“The magazine was reviled and celebrated at the same time. But it was always talked about.”
S ince 1962, Artforum has delivered groundbreaking criticism on the latest developments in contemporary art – exploring trends, making discoveries and writing the history of the art of our times. As the magazine of record, Artforum’s role remains constant: giving visibility to emerging artists and delivering a fresh perspective on the established canon, all while examining the social realities and political landscapes that give rise to visual culture globally.
By bringing together the magazine’s complete print archive, this exhibition celebrates Artforum’s extraordinary contribution to the discourse on contemporary art, which is now widely available to scholars and the public following the completion of a 12-year digitization project. Unparalleled in depth, the Artforum archive forms a comprehensive critical history of contemporary art, representing the work of the writers and artists who have defined the field. Today, it is a vital resource for students, art professionals and collectors.
From its first issue, published in San Francisco in 1962 (the magazine would move to New York in 1967), Artforum set itself apart from other magazines with its distinctive square format and compelling artwork. Never before displayed together, these covers are a stunning, often provocative, view of the evolution of contemporary art.
This exhibition marks the beginning of a partnership between Artforum and Sotheby's which will include programming intiatives. Sotheby’s will also utilize Artforum’s unparalleled archive in order to enrich its auction cataloguing and research.
A Timeline of Contemporary Art
“The cover is a portal to the issue. Ideally, all aspects of what’s happening in an issue are somehow compressed into this one image.”
With its distinctive square format and bold imagery, the Artforum cover has made a powerful statement about contemporary art since the premier issue came out in June 1962. The first cover featured a mysterious image – a photograph of the shadow cast by a Jean Tinguely sculpture – piquing the curiosity of readers introduced to this new magazine dedicated to a “free exchange of critical opinion.” As the readership and influence of the publication grew, its covers came to signal the editors’ judgment about the artists or trends that mattered most, often introducing new modes of artmaking to a wider public. When seen together, the covers serve as a timeline of contemporary art, from Abstract Expressionism through Pop art, Minimalism and Post-Minimalism, Land and Performance art, Neo-Expressionism and other movements, with forays into art that engaged with fashion, political activism and the art market itself.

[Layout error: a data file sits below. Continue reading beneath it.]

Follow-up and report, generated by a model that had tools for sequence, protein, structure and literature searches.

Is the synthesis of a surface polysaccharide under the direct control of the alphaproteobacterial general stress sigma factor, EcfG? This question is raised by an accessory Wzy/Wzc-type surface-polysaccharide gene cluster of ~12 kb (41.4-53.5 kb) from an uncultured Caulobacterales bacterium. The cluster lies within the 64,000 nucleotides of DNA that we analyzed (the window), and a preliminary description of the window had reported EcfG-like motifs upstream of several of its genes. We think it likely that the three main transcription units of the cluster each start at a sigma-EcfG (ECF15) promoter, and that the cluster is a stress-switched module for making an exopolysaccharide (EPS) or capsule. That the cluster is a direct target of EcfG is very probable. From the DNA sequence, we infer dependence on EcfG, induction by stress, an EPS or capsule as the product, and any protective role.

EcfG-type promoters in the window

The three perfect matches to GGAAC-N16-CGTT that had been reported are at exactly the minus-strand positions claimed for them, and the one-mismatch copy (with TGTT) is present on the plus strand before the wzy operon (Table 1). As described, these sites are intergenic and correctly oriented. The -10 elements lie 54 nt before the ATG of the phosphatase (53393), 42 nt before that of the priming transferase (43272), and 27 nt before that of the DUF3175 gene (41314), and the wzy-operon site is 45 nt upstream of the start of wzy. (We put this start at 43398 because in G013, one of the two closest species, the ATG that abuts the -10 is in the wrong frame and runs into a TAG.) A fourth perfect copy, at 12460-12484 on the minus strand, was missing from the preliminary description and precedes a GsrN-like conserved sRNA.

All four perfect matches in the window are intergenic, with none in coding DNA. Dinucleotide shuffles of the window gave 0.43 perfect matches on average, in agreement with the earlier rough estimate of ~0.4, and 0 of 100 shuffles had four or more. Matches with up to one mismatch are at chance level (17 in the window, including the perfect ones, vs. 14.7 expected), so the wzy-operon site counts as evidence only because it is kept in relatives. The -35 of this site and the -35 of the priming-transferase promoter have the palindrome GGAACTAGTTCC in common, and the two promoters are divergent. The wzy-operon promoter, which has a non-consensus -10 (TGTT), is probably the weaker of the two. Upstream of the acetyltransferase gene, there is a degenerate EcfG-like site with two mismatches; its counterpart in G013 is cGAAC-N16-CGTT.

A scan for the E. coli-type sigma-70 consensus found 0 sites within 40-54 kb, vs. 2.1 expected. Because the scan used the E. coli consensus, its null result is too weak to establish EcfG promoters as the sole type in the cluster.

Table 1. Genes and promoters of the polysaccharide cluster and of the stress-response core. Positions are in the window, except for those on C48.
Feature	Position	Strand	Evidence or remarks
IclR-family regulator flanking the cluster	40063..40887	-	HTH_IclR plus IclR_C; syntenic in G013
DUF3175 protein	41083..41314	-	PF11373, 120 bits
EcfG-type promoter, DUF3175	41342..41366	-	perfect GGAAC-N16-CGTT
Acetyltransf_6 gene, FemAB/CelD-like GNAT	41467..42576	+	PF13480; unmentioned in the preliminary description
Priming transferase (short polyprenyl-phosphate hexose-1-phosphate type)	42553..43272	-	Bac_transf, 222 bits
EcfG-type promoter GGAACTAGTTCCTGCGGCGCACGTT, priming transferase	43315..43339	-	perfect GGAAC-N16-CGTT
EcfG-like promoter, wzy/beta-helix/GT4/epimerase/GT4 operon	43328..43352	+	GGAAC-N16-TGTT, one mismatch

“One preoccupation of the artists was the idea of being on its cover, being on the Artforum cover.”
“I did it in Artforum because that was the magazine. . . . It was the best medium at the time.”
From the beginning, artists have been central to Artforum, not just as the subjects of editorial coverage, but as contributors. In the 1960s, Robert Morris and Robert Smithson published seminal critical essays about the new art forms they were pioneering at the time, while other artists, such as Jasper Johns, wrote reflections on artists who influenced their own practices. Through the decades, the Artforum editors often turned pages of the magazine over to scores of artists to create new projects exclusively for publication, including Laurie Anderson, Bruce Conner, Nan Goldin, Robert Mapplethorpe and Lucas Samaras. Some artists, in acknowledgment of Artforum’s influence within the art market, even took out full-page ads promoting themselves.
Most famously, Lynda Benglis purchased two pages in the November 1974 issue in which she posed nude, sporting a pair of sunglasses and “clutching an enormous dildo,” as Janet Malcolm described it in The New Yorker. The ad, in response to the macho posturing of Robert Morris in a gallery ad reproduced in a previous issue, led two editors, including Rosalind Krauss, to leave the magazine, objecting to its “vulgarity.” On the other hand, Ed Ruscha’s January 1967 ad, in which he seemed to have been caught slumbering following a ménage à trois, was met with relative indifference. In 1988, Jeff Koons revived the tradition with a series of ads that ran in Artforum and other art publications.
“There was a great deal of passion involved in Artforum; we believed in what we wrote. We believed in what we were saying, and we believed in the importance of the art, that it could still in some way change the world.”
From its earliest years, Artforum gained a reputation as the publication that attracted the most talented and influential critics of its time, launching the careers of such giants in the field as Barbara Rose and Michael Fried, who brought a rigorous, academic approach to the magazine. According to Amy Newman, who documented the first 12 years of the magazine’s history, Artforum’s contributing editors made the magazine into “a mirror of its era. It exhibited the confidence in ideology, pleasure in analysis, ardent morality and commitment to hard, disciplined thinking that the generation of intellectuals educated in the postwar period hungered for.” Successive generations of Artforum writers discovered and nourished artists who continued to push the limits of contemporary art.
Many of these critical essays are still referenced today. The full digital archive, rich with the complete record of criticism, can be found online at artforum.com/archive, and perhaps represents the greatest value of all: 57 years charting the zeitgeist of contemporary art.